Earlier today, 7 year old Syd asked me what the difference was between step brothers and sisters, and real ones. So I set about googling ways of explaining blended families to kids. Personally, I am the youngest of 6 kids. While I share a parent with all of them, one of my brothers is the step brother to the rest. With this in mind, I felt clued up enough to explain it using a quick drawing of my family tree, without google’s help.
Explaining Blended Families To Kids
Firstly, I explained that my Mum was married twice. I explained she had 4 children with her first husband. Next, I explained that my Dad, too was married twice. He had one son with his first wife. Thirdly, I explained that both marriages ended, and then my Mum and Dad met and had me.
I explained that Full brothers and sisters share both parents, while half brothers and sisters share one parent. Finally, I explained that step siblings have different mums and dads, but their parents have become a couple.
I started tracing my family tree when I was 20, after stumbling across a really old photo of my Great Grandmother and her siblings from 1910. One thing I remember wondering is what that family would make of my own blended family… Things have changed so much in terms of acceptable family units. I have spent a lot of time and money on tracing my family tree since then.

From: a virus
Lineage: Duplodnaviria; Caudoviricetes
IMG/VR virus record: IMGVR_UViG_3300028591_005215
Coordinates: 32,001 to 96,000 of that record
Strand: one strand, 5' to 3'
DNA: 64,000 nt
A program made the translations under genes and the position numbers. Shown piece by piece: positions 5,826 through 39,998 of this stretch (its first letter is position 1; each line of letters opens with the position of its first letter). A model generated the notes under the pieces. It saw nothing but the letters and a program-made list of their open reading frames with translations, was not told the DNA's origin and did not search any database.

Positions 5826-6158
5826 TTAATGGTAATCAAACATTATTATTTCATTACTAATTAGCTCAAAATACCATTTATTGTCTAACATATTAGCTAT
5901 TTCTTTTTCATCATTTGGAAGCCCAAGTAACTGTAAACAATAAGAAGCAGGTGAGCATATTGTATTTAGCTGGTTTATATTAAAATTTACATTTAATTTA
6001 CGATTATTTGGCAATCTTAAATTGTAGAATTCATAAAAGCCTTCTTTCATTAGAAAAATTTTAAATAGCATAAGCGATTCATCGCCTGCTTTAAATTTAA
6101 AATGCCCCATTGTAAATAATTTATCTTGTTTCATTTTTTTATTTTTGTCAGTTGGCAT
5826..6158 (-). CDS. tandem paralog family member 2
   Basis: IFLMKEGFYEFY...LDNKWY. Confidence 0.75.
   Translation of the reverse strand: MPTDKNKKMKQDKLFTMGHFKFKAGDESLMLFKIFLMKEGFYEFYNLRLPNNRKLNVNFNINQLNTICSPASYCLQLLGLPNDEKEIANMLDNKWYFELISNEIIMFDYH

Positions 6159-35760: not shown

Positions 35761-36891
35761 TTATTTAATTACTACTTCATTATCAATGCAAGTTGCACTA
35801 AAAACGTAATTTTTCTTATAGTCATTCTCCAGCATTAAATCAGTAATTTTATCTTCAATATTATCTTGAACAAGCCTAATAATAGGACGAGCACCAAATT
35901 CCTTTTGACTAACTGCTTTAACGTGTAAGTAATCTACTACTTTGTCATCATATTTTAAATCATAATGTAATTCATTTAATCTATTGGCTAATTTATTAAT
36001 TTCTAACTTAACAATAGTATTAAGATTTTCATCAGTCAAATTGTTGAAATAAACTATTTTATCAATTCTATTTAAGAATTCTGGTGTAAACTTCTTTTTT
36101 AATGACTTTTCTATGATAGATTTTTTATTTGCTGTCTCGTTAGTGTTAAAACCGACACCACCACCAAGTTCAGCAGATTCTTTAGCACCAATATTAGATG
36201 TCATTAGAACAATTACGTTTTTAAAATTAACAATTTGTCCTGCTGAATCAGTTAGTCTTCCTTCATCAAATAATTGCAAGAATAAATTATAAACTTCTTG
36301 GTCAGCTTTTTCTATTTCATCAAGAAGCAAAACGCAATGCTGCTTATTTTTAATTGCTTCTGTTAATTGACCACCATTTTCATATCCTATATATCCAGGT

One of the most interesting things I did was get a family DNA test. (You can read about my experience here). If you’re considering a DNA test to help with your family history journey, it’s worth looking at the Best Ancestry DNA Tests from DNA Weekly.
Using Genealogy To Explain Blended Families
Syd is definitely becoming more curious about blended families since her Dad and I separated. I think it’ll be a good while before the idea of step anything will enter her life, though. After our initial conversation, Syd still seemed to be struggling to grasp how the family members actually linked together, so I drew it like this for her…
I explained again that full siblings (Like her and Sam) have the same Mum and Dad. Alongside this, I drew the below tree for her to help visualise it.
Next, I explained that Myself and her uncle S have the same Dad, but different Mums, so we are half siblings. The below diagram helped Syd to make sense of it.
Finally, I explained that Step Siblings don’t have the same Mum or Dad, but that one of their parents has “moved in or Married” one of the other’s. I explained that Uncle S and her Auntie L are Step Siblings, and showed her this family tree to help her understand it.
By the time Syd had looked at the diagrams and listened to me explain each term, she seemed to get it. She then went on to correctly name a friend who has a half sibling, and another with a step sibling. So I think it’s safe to assume my explanation helped her to get to grips with some of the different ways families can be blended. Do let me know in the comments if you use my diagrams or method when explaining blended families to your kids.